This table compares the expected and observed values of the plants through finding the degrees of freedom. For this experiment, the null hypothesis is excepted when there is less than a five percent margin of error, or finding a number on the Chis-Square distribution table that is higher than 3.84. To find this number the observed values for both the green and purple-stemmed plants are summed together. To find seventy-five percent of the summed number to determine the amount of expected purple-stemmed plants the sum of the observed values was multiplied by .75. I also multiplied the sum of observed green and purple plants by .25 to find twenty-five percent of that number, or the number of expected green-stemmed plants (119.75).
Then to find the deviation I subtracted the expected values for both the green and purple-stemmed plants from the observed values (19.25). To find the denotation, the amount of the deviation was squared; this produced a denotation of 370.5625. The final calculations were made then by dividing the denotation for both the green-stemmed and purple-stemmed plants by their expected values, this produced the results 1.0315 for the green-stemmed plants and 3.0945 for the purple-stemmed plants. To find whether the null hypothesis will be supported or rejected these two numbers are added together. When these two numbers are added, a result of 4.13 is produced. Using this number Table 4 can be referenced. When Table 4 is referenced 4.13 is higher than 3.84, which rejects the null hypothesis and supports the experimental hypothesis.
Section 001 and Section 002 Plant Results (Table 4)
In table four similar procedures were followed to find the degrees of freedom and support or reject the null hypothesis. The first step of the procedure was to add the observed values for the purple-stemmed plants of both sections and the observed values of green-stemmed plants of both section; the results were 745 purple-stemmed plants and 300 green-stemmed plants. These two numbers are summed to produce a resulting value of 1045. To find the expected values .75 and .25 to find the expected values of purple and green-stemmed plants then multiplies the sum of the observed values. Once the expected values have been found the first deviation can be determined by subtracting the expected values from the observed values.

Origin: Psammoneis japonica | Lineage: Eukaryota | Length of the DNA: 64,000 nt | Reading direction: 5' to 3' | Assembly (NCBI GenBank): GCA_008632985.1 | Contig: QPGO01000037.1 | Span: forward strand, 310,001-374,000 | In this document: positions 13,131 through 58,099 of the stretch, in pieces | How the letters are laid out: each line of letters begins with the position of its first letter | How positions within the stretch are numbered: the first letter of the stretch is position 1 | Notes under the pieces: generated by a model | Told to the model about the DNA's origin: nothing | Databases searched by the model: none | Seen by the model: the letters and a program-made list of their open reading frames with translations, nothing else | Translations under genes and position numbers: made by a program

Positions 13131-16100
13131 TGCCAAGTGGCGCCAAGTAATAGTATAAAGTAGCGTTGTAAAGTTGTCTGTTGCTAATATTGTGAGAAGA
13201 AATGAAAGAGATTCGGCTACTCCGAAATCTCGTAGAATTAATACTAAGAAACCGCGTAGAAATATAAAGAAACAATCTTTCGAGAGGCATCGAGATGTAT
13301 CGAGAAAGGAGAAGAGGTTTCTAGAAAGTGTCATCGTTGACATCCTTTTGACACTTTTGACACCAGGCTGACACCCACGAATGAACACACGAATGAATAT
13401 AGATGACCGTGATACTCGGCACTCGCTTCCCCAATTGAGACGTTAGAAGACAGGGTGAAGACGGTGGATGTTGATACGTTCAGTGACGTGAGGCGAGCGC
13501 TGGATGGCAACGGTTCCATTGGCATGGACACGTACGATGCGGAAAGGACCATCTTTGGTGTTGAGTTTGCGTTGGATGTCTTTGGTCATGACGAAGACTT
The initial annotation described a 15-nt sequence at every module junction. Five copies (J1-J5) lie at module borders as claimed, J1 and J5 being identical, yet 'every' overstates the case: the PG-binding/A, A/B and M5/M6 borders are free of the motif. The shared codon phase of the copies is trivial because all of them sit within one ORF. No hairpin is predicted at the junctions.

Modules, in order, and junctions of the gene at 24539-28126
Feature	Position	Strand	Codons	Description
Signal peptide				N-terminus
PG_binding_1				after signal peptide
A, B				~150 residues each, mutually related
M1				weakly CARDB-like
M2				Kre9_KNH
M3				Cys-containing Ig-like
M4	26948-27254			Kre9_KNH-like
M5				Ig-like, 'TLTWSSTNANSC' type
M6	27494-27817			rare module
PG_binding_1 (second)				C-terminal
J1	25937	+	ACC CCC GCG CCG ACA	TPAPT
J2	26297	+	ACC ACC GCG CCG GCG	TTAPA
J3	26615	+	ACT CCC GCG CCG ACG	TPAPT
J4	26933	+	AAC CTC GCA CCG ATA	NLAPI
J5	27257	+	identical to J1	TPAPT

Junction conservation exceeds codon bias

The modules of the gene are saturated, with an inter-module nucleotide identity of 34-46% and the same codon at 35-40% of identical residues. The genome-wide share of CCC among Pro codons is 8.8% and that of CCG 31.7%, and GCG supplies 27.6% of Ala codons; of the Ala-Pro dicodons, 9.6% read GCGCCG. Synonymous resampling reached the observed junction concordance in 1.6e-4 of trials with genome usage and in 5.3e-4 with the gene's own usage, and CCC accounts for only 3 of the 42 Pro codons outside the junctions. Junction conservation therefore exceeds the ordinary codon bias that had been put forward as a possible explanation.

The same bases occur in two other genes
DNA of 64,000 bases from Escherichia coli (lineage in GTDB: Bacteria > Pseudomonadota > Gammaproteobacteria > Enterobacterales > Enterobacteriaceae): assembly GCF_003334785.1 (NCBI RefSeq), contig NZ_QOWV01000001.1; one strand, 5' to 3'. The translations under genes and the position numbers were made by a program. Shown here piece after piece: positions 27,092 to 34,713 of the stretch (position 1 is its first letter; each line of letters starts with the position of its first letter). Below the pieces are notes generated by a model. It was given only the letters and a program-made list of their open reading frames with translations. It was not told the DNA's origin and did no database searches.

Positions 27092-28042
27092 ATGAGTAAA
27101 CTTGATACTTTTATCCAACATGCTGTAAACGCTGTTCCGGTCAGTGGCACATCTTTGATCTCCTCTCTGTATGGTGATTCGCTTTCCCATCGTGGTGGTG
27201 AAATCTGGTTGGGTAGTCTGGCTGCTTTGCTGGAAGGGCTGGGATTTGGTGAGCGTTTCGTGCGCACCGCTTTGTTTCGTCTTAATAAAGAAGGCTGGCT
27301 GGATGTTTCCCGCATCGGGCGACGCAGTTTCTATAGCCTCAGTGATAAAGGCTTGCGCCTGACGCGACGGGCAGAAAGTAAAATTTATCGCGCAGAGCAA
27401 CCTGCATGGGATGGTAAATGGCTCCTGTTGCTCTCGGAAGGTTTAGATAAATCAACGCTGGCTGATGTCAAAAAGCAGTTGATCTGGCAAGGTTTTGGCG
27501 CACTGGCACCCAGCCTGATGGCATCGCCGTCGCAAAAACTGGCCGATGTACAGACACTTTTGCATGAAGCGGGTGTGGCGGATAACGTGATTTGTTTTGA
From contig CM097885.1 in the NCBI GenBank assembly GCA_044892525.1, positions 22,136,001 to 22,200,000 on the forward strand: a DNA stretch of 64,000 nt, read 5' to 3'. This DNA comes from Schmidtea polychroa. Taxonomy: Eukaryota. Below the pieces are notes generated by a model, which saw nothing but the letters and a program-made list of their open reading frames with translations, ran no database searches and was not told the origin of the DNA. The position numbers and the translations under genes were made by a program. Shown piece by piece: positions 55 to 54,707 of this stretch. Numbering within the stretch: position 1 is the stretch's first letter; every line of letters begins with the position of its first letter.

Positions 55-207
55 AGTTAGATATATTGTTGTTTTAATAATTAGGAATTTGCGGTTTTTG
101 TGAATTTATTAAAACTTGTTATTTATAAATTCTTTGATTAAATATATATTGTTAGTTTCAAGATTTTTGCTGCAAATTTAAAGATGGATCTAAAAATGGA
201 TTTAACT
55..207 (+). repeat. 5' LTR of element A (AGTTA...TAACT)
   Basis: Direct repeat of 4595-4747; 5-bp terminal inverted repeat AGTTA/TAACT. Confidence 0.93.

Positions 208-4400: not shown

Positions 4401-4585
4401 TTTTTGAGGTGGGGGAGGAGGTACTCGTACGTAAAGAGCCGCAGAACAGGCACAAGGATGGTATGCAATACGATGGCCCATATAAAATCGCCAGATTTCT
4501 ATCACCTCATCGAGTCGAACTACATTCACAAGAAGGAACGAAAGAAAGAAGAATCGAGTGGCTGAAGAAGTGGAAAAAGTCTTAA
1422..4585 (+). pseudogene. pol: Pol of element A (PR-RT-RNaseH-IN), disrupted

Table 5 is the distribution value for a chi square
Brassica rapa plants were grown over a period of forty-three days and observed for the anthocyanin genotype resulting in the purple pigment of the stem phenotype in order to observe Mendelian genetics. The results of this experiment confirm the hypothesis that the presence of anthocyanin in Brassica rapa follows Mendel’s laws. A total of four hundred and seventy nine plants were observed for this period. Out of those, three hundred and forty were confirmed to have the purple stems representing a positive conformation of the expression of the anthocyanin genotype. The remainder, a total of one hundred and thirty nine plants were observed to have green stems, which were negative for the expression or presence of anthocyanin.
The expected results were three hundred and fifty nine plants positive for the expression and presence of the anthocyanin, and one hundred and twenty Brassica rapa plants. Examining the results from tables three and four the results of table three for section 001 show a deviation of 4.13, when there is only 1 degree of freedom. In order for the null hypothesis to be rejected this number would need to be less than 3.84, to show that the results of the experiment were due to chance. In the case of table three the resulting number was greater than 3.84, showing that there is less than a five percent chance that these results were due to chance, rather than error. For section 001 the results supported the experimental hypothesis, producing a ratio of close to 3:1 not based on chance.